Anise (Pimpinella anisum), not to be confused with its popular Chinese cousin star anise, is a herbaceous annual plant with a particularly sweet, liquorice like flavour. Growing to a maximum height of about 3ft, it features a long stem with feathery leaves towards the top and small broad leaves at its base. When flowering from early to mid-summer, its small flowers are either yellow or white and form an umbrella like cluster.
Another popular name for anise is aniseed, which is actually the name given to its fruits. Native to Southwest Asia and the Mediterranean, anise can now be found in herb gardens and fields across Europe.
Cultivation and History
Anise is currently cultivated primarily for its fruit, or aniseed. It is grown commercially across the Mediterranean for its use in flavouring liquors like Ouzo, Sambuca and Absinthe. However it has a long history of being cultivated for its medicinal and culinary properties.
You can plant the seeds directly into the soil in spring, or they can be sown a little earlier if you keep them indoors. Anise typically does not fare very well when transplanted, so it is best for you to plant any seedlings as soon as the weather is suitable. Ensuring it is in a position where it will not need to be moved. Seeds are normally harvested towards the end of summer, from July until September. It grows well in sunny spots with well drained soil and often develops more successfully if planted along side coriander.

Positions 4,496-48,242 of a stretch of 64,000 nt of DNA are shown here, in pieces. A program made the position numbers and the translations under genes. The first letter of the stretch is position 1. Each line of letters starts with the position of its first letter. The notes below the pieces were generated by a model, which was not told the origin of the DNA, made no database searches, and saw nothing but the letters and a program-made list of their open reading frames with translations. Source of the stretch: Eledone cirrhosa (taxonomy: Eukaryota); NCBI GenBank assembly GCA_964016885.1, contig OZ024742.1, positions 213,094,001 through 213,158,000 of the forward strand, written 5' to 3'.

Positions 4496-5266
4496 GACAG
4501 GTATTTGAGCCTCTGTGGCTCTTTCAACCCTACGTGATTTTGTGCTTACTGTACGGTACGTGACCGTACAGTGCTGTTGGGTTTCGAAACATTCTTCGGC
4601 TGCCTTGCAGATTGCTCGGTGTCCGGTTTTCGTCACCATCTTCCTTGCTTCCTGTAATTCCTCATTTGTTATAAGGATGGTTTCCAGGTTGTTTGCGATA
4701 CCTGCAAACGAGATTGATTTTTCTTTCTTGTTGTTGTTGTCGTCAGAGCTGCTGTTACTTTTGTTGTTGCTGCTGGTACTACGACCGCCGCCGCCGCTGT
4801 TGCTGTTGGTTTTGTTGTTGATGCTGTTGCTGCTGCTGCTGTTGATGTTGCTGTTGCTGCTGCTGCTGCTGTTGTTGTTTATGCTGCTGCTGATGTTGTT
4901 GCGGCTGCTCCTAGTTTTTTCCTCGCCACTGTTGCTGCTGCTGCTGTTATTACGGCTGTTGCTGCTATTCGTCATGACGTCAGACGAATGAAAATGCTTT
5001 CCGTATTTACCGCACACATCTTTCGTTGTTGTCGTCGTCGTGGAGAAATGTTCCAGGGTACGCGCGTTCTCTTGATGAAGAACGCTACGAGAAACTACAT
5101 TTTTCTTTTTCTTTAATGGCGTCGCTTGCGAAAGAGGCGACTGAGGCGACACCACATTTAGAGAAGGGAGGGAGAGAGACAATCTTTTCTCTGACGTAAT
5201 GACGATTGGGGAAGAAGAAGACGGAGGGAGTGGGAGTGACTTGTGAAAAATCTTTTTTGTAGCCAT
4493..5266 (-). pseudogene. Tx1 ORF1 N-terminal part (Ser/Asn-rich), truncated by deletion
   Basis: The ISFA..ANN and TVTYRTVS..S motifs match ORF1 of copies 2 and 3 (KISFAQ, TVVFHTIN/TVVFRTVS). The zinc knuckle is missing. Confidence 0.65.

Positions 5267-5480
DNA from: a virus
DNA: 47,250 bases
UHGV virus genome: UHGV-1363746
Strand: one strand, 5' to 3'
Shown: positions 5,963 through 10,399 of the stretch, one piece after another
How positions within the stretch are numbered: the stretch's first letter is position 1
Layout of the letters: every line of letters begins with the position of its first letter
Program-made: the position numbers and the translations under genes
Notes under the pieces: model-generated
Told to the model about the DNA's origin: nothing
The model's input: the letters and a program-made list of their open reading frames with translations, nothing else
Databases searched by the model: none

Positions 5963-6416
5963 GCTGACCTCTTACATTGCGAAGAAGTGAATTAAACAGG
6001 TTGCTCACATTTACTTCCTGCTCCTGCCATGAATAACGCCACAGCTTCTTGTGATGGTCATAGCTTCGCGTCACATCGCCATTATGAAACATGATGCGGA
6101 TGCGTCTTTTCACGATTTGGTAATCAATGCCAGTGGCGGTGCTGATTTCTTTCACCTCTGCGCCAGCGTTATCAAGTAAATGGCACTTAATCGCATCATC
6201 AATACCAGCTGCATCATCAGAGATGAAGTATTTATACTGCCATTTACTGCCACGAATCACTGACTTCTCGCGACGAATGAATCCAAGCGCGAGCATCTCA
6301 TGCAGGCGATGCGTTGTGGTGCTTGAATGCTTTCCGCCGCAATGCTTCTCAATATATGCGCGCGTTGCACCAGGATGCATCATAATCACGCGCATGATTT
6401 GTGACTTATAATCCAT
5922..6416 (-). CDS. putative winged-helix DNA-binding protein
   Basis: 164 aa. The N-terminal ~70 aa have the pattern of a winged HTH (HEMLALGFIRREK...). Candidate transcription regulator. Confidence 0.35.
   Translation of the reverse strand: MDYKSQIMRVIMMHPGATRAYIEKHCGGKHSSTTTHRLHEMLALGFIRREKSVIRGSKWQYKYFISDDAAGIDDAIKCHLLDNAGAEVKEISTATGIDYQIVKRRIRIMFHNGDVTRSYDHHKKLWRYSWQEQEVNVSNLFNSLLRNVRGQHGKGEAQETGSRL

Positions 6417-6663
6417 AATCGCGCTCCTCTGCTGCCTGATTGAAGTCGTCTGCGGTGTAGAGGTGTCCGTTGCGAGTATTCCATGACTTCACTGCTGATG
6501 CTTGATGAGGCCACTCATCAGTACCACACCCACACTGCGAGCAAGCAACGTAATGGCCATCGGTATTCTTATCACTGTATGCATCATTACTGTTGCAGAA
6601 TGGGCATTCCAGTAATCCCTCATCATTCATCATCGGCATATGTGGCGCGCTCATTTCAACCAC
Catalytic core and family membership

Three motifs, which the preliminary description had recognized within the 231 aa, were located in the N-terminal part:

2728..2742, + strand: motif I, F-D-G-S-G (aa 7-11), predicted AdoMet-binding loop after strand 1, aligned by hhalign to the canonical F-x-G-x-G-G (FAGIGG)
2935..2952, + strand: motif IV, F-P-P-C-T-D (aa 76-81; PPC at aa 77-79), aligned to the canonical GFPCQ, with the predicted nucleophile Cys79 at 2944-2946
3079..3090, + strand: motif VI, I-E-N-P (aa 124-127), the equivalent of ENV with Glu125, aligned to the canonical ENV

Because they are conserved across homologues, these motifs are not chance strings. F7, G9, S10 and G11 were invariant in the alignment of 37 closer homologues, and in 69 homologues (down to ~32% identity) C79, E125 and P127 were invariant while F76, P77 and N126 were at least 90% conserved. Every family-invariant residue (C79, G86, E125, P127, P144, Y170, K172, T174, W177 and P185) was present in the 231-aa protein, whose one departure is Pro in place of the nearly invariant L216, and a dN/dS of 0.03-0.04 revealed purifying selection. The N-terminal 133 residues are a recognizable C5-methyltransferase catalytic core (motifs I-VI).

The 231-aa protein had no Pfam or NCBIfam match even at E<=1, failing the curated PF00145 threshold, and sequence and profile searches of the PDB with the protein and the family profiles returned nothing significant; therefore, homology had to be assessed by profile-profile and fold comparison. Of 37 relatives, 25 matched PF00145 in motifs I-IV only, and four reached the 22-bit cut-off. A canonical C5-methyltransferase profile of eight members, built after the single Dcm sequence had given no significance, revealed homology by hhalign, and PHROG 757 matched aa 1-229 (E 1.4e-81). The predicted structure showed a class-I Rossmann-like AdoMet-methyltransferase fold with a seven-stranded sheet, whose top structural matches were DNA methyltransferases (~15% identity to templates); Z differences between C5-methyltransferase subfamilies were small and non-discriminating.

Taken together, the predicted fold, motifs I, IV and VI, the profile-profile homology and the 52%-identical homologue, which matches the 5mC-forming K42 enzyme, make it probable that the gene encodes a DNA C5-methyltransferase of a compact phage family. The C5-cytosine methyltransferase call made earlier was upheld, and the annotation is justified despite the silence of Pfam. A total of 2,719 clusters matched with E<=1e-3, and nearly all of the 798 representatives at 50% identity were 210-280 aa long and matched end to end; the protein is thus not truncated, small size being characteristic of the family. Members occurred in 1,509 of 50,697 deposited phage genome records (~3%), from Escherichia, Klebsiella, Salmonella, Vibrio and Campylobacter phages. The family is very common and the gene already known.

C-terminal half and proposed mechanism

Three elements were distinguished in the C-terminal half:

Ancient Egyptians are considered the first to have cultivated anise and as word of its medicinal value spread, it too began to spread across Europe. Today many gardeners choose to grow anise for its ornamental value and for its use of flavouring.
When used within foods and liquors anise has no toxic value. Its consumption as food is safe for children and pregnant and breast feeding mothers, however it is generally recommended that these groups do not use Anise as a medicine. Anise oil should not be consumed in large doses as it could cause neuronal poisoning. Symptoms of neuronal poisoning being headache, seizures and numbness.
From salads and soups, to garnishes and curries, the seeds and oil can add a wonderful sweet and delicate, liquorice like flavour to your dishes. You can also use the seeds in various herbal tea flavourings, liquor and cordial production. A number of sweets and confectionaries like aniseed balls and humbugs also use anise flavoring. The seed is also popularly used in a number of baked goods like biscuits, cakes and breads to add a sweet aromatic flavour.
Anise has been used throughout history to ease the symptoms of IBS, abdominal cramps and intestinal gas. Other less predominant uses include using anise as a topical treatment for lice and psoriasis. Many have also used anise to treat menstrual discomfort and even increase milk flow in nursing mothers.
The Romans once used anise as a flavouring in spiced cakes that were served at the end of a feast. The cakes were used to aid any intestinal discomfort and flatulence.
Did you know…
Oil of anise was sometimes applied to metal parts and bearings within steam locomotives. It was hoped that if they began over heating the strong, aromatic smell of anise would pre-warn drivers and engineers of the issue.
Anise would make a great addition to your herb garden. Its delicate and ornamental shape and flowers add a unique texture amongst a collection of traditional herbs. Its talents in the kitchen are a bonus if you love to experiment with different flavours and recipes.
Written by Hannah Sweet
Hannah is a freelance writer and graphic designer from the UK. With a penchant for travelling, photography and all things botanical, she enjoys writing about a wealth of topics and issues, from conservation and slow living, to design and travel.
Learn more about her writing and design services on Upwork.com
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